It looks like there is a new internet worm on the loose. This one exploiting a couple of buffer overflow bugs in Microsoft SQL Server.
It looks to be using this old exploit. Microsoft have had a patch available for months, but people don’t keep up with security as much as they should.
I picked up the buzz on the bugtraq mailing list this morning.
It looks like there’s a worm affecting MS SQL Server which is pingflooding addresses at some random sequence. All admins with access to routers should block port 1434 (ms-sql-m)!
This seems to have started for us about 4:30pm (GMT+11) today. Lucky for us we block all MS-SQL 1434/udp traffic. We have logged over 130,000 firewall blocked connections across 15 odd sites, and it’s comming in from all over the world.
Tier 1 backbones are reporting a bad night: routing instabilities, one major dropped most of its peering for a while, the volume from this triggers the Cisco netflow switching bug and is causing routers to lock up at places, etc.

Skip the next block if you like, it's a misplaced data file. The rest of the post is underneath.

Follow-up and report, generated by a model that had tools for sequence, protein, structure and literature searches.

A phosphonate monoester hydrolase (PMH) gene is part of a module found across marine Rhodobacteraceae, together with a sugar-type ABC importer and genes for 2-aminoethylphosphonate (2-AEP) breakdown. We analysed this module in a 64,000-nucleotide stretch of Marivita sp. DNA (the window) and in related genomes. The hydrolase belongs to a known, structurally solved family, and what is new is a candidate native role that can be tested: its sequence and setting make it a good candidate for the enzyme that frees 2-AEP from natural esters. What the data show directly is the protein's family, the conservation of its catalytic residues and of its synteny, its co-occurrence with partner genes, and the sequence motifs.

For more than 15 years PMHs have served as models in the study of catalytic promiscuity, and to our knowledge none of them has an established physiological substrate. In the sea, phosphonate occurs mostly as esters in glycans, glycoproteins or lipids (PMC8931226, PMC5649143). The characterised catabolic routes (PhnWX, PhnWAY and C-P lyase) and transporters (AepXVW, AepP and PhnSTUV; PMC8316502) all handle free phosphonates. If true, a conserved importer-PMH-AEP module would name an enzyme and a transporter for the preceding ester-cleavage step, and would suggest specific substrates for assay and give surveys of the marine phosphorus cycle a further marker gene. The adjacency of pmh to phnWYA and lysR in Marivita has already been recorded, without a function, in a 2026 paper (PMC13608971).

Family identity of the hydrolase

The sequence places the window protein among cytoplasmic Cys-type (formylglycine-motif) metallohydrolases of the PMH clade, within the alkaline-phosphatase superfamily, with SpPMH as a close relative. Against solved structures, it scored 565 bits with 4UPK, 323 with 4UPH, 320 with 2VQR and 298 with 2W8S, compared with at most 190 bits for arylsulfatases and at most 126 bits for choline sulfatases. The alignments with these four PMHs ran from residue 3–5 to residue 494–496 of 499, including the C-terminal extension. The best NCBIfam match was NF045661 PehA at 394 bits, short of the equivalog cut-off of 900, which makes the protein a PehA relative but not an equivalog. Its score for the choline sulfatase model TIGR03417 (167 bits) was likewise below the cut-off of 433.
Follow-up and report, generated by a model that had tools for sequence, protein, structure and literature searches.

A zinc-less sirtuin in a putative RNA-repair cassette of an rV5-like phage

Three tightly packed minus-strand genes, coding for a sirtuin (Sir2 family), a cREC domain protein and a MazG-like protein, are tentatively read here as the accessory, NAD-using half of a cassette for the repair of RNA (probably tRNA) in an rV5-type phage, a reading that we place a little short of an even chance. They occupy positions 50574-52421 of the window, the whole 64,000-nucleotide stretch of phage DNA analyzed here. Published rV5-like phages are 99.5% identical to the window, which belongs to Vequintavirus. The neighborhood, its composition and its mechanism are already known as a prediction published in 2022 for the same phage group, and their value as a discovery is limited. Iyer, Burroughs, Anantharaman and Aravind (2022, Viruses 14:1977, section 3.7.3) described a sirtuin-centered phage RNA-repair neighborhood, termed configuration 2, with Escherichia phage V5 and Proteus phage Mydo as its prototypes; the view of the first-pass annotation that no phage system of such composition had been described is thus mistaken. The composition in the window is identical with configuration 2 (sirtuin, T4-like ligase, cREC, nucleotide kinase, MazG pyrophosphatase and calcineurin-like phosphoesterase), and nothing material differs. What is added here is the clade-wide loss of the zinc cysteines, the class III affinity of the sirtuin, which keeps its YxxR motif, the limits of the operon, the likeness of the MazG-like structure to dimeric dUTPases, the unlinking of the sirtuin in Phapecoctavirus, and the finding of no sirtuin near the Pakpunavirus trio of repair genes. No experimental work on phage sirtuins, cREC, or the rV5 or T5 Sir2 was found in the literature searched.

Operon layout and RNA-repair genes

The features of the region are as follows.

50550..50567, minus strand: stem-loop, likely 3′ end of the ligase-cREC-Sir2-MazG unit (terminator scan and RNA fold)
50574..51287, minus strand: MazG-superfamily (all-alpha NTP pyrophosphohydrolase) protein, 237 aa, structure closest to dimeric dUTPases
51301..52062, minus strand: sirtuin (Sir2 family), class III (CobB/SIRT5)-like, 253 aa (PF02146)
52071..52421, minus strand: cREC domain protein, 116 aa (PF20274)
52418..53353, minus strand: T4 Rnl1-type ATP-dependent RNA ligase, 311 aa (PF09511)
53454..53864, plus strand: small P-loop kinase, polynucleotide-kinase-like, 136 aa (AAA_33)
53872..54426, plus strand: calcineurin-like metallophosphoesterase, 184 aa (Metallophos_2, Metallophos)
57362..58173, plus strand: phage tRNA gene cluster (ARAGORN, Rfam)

Thankfully I don’t run MS SQL Server (or any servers that are visible to the outside world).
A worm which exploits a (new?) vulnerability in SQL Server is bringing
the core routers to a grinding halt. The speed of the propagation can be attributed to the attack method and simplicity of the code. The worm sends a 376-byte UDP packet to port 1434 of each random target, each
vulnerable system will immediately start propagating itself. Since UDP is connection-less, the worm is able to spread much more quickly than those using your standard TCP-based attack vectors (no connect timeouts).
Some random screen shots, a copy of the worm as a perl script, and a disassembly (sorry, no comments) can be found online at: http://www.digitaloffense.net/worms/mssql_udp_worm/